Satisfaction with Life Scale (SWLS)

Use the Satisfaction with Life Scale (SWLS) for your counseling practice to see if your client is satisfied or dissatisfied with their life in its entirety or when it comes to some aspects of their life!

By Nate Lacson on Jun 20, 2024.


Fact Checked by Nate Lacson.

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What is the Satisfaction with Life Scale (SWLS)?

(SWLS) is a five-item scale developed by Ed Diener, Robert A. Emmons, Randy J. Larsen, and Sharon Griffin in 1985. It is a straightforward and easy-to-use scale that seeks to ascertain whether a person feels satisfied with their life.

It doesn’t try to zoom into specific aspects of their life; however, if the client is dissatisfied with life, the scale leads to opportunities for the counselor and the client to identify what contributes to their dissatisfaction.

If you’re going to use the Satisfaction with Life Scale (SWLS) for your counseling practice, here’s a short guide to help you understand how to use it and interpret the results!

Printable Satisfaction with Life Scale (SWLS)

Download this Satisfaction with Life Scale (SWLS) and determine how satisfied your clients are with their lives.

How to use the Satisfaction with Life Scale (SWLS):

Issue this to your client to further understand their situation.

Suppose your client is visiting you for mental health therapy or counseling. In that case, it is prudent to consider different angles regarding what is currently contributing to their mental health issues. You might want to ask them how they look at their life if they’re happy with it or are unsatisfied with the cards that life dealt them

Let’s say that that is the angle you’re going to proceed with. Then, it would be best to issue Diener’s Satisfaction with Life Scale (SWLS) in order to assess the level of satisfaction or dissatisfaction that your client has regarding their life.

You may issue this during your appointment. In the event that your session is online, you may send this to them digitally.

The Satisfaction with Life Scale (SWLS) proper:

As mentioned, the scale is easy to use because it’s only a five-item assessment. The client simply needs to rate themselves based on the following prompts:

  • In most ways, my life is close to my ideal.
  • The conditions of my life are excellent.
  • I am satisfied with my life.
  • So far, I have gotten the important things I want in life.
  • If I could live my life over again, I would change almost nothing.

They need to rate themselves based on those prompts from a scale of 1 to 7, with:

  • 1 = they strongly disagree
  • 2 = they disagree
  • 3 = they slightly disagree
  • 4 = they neither agree nor disagree
  • 5 = they slightly agree
  • 6 = they agree
  • 7 = they strongly agree

Pretty easy and straightforward, right? While this may be easy based on the instructions, answering the prompts can be difficult for the client. Or rather, it might take a while before they even give themselves a rating.

It depends on the person, but sitting down and suddenly reflecting on your life might be an overwhelming experience, especially if it hasn’t been going great, so it’s best to give clients the time and space they need.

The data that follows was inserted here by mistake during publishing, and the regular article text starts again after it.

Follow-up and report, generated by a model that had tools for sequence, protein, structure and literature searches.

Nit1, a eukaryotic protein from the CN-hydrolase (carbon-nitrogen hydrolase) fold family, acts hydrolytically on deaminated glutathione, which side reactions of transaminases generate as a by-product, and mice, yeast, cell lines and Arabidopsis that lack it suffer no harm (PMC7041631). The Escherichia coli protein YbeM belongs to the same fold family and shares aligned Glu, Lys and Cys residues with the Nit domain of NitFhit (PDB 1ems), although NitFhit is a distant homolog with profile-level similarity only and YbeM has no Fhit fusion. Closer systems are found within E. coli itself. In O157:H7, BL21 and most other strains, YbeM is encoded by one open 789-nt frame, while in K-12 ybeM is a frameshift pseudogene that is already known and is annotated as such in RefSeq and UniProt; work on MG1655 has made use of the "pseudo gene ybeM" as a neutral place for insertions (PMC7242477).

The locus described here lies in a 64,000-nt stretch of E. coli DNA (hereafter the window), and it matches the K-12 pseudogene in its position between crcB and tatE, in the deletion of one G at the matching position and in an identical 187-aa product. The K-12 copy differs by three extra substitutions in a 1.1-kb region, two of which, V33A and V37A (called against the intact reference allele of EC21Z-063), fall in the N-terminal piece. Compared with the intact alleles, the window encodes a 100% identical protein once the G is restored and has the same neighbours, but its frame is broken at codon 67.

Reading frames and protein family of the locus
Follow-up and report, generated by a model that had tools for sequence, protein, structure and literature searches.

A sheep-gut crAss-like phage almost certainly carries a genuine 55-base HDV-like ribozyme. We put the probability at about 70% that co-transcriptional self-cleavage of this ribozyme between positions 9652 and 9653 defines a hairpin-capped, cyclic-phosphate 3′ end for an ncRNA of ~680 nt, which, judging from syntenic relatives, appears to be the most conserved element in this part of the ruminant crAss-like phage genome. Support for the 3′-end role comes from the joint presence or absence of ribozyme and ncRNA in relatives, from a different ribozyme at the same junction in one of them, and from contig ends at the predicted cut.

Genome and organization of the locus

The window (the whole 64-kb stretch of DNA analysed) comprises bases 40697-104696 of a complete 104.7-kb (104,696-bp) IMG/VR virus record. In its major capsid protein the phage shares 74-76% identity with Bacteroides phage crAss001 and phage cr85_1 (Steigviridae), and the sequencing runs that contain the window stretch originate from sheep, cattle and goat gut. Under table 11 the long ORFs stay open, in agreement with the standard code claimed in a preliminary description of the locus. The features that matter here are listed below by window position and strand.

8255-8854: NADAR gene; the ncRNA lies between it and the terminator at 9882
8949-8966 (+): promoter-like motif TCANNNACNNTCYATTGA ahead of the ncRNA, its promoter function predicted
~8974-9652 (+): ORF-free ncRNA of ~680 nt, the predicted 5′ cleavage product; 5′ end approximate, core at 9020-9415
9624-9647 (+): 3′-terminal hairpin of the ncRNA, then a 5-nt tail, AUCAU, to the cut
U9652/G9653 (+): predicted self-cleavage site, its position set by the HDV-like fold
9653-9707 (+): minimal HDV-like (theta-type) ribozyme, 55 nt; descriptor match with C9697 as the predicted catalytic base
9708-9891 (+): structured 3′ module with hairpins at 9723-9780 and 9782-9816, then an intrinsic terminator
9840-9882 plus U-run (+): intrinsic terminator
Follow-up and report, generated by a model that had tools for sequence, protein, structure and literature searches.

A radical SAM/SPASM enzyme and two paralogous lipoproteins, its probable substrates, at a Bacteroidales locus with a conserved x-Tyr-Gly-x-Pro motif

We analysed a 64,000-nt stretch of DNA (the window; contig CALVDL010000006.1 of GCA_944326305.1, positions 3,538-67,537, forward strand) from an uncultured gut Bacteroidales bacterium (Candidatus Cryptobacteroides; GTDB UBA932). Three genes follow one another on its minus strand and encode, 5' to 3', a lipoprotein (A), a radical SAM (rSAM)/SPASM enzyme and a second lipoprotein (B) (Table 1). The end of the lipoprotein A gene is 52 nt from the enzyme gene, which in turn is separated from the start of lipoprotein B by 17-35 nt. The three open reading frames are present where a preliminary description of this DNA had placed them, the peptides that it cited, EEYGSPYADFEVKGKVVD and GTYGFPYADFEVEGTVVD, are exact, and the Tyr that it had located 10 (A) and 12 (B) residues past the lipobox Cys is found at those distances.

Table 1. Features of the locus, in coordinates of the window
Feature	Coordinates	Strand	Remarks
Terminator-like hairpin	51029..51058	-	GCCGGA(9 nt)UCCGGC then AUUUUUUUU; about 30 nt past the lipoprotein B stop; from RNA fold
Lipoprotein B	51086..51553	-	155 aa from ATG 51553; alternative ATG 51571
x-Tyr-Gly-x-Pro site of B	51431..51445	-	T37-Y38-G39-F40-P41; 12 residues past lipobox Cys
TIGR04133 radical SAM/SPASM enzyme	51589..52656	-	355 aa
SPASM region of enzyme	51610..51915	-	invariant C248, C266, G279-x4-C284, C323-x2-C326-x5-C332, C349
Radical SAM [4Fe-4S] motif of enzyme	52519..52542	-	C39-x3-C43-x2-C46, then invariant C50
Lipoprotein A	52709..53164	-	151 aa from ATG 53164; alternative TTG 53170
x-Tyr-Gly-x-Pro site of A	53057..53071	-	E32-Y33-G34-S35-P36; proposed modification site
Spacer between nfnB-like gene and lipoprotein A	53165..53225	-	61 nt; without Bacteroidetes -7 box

Tally the scores.

As the therapist/counselor, there shouldn’t be any hiccups on your end. All you need to do is to add up the scores! The higher the score, the more likely your client is satisfied with their life, or at least is generally okay with it. However, lower scores mean they aren’t happy with it.

Here are the score ranges:

  • 5-9 = extremely dissatisfied
  • 10-14 = dissatisfied
  • 15-19 = slightly dissatisfied
  • 20 = neutral
  • 21-25 = slightly satisfied
  • 26-30 = satisfied
  • 31-35 = extremely satisfied

Set the groundwork for further discussion.

If you’re wondering if you can develop a treatment plan based on the score ranges, it’s best that you hold off on that. If the client scores 20 or below, you should frame your next session for them by basing your questions on their answers to identify what contributes to their neutrality or dissatisfaction.

Satisfaction with Life Scale (SWLS) Example

Here’s a filled-out Satisfaction with Life Scale (SWLS) sample to help consolidate your understanding of how this resource works.

Download this Satisfaction with Life Scale (SWLS) Example (Sample) here:

Satisfaction with Life Scale (SWLS) Example

When should the Satisfaction with Life Scale be used?

It’s best to start using this when determining what is causing your client’s mental health issues or what is contributing to them. Naturally, in order to do so, you’re going to have to consider different angles, one of which is asking if they’re satisfied or dissatisfied with their life.

Issuing this as early as possible, like during your first-ever appointment with them, is good. This allows you to immediately set the groundwork for identifying what might be causing or contributing to their problems.

Who can use the Satisfaction with Life Scale (SWLS)?

The following healthcare practitioners can use the Satisfaction with Life Scale for their respective practices:

  • (Clinical) psychologists
  • Psychiatrists
  • Psychometricians
  • (Mental health) therapists